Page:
Mount Sinai Is Revolutionizing Medical Education by Eliminating Traditional Pre-Med Requirements and the MCAT for Half of Admitted Students
Source Newsroom: Mount Sinai Health System
Newswise — The Icahn School of Medicine at Mount Sinai is the first medical school in the United States to drive a fundamental shift in pre-medical education by offering college sophomores with any undergraduate major early acceptance, no MCAT, and progressive pre-med requirements for half of each entering class. Sophomores will be admitted in 2013 into the new program called “FlexMed”, with foundations in computational science and engineering; humanities and social sciences; or biomedical sciences, which will allow them to pursue any undergraduate major unencumbered by traditional pre-med requirements.
Many medical educators have called for significant reform of the current pre-med model for training, established nearly a century ago. The pace of discovery and innovation and the changing landscape of healthcare delivery warrant different requirements for students entering medical school. For example, genetics and genomic sciences are rapidly becoming a mainstay in medical research and clinical care, but such coursework is not part of typical pre-med programs.
“The current model of medical school training has stagnated despite major advances in science and medicine,” said Dennis S. Charney, MD, Anne and Joel Ehrenkranz Dean of Icahn School of Medicine at Mount Sinai and Executive Vice President for Academic Affairs of The Mount Sinai Medical Center. “We want to attract students with bright, creative minds who understand the role of precision medicine and big data and want to change the world. We also want innovators in clinical care who think of medicine in the larger social context and identify new practices for better care delivery. We believe FlexMed signals a paradigm shift in how we select, prepare, and educate the next generation of physicians, and hope other medical schools will follow suit.”
FlexMed builds on the success of Mount Sinai’s Humanities and Medicine (HuMed) program, which in 1987 was the first program in the United States to offer early assurance of acceptance to sophomores with a humanities background. Data from the HuMed program shows that these graduates perform as well as their classmates in areas such as honors grades in clerkships, class ranking, research and publications, school leadership, and community service.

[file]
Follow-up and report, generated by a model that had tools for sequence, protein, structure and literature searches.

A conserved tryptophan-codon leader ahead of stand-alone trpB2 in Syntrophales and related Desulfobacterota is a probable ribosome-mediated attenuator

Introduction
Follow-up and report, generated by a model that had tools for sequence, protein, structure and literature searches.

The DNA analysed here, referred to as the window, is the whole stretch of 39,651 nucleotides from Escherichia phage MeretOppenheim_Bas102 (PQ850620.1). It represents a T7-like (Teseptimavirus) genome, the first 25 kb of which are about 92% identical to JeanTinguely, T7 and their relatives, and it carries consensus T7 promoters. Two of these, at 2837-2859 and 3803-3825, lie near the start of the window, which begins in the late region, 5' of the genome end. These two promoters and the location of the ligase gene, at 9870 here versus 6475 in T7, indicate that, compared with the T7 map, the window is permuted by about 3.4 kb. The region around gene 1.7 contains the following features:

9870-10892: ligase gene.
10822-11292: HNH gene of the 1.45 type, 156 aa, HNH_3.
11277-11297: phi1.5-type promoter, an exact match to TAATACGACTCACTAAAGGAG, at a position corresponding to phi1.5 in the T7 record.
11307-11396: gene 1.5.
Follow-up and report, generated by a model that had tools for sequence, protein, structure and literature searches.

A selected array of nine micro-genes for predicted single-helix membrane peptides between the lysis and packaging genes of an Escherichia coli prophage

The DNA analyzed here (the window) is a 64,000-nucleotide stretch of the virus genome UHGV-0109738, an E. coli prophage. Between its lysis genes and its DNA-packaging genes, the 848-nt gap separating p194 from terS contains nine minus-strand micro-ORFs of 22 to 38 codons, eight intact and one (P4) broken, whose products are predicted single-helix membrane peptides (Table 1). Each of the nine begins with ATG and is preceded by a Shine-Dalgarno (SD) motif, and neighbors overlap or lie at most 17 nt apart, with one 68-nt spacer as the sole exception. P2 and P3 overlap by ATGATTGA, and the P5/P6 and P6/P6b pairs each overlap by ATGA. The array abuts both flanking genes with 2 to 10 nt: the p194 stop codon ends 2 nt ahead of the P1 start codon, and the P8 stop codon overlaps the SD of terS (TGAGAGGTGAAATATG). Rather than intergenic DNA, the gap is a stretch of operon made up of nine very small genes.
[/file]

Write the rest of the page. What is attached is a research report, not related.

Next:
“Traditional pre-med programs consume so much time and effort that students do not have the opportunity to see the bigger picture of their education or of medicine as a profession,” said David Muller, MD, Marietta and Charles C. Morchand Chair in Medical Education and Dean for Medical Education at the Icahn School of Medicine at Mount Sinai. “We started HuMed because we wanted our students to thrive on a culture of academic rigor, mentorship, and self-discovery. The success of this program inspired us to take the lead in redefining medical education with FlexMed. This new paradigm fits perfectly with transformations that are occurring at Mount Sinai in medical school curricula, clinical care, and biomedical investigation.”
Steven T. Case, PhD, Professor of Biochemistry and Associate Dean for Medical School Admissions at the University of Mississippi Medical Center and a national thought leader on medical education, said, “Armed with a quarter century’s success with the Humanities and Medicine Program, the new FlexMed program at the Icahn School of Medicine at Mount Sinai has the potential to revolutionize pre-medical education and truly transform medical school admissions. By discarding the MCAT, undergraduate students are afforded unparalleled flexibility in selecting majors, furthering academic pursuits and enhancing personal growth beyond what is feasible in traditional premedical curricula. This bold step, more than any other, will enhance the diversity and contribute to the educational excellence of medical students trained at Mount Sinai. Medical schools nationwide should note this courageous decision and closely monitor FlexMed outcomes.”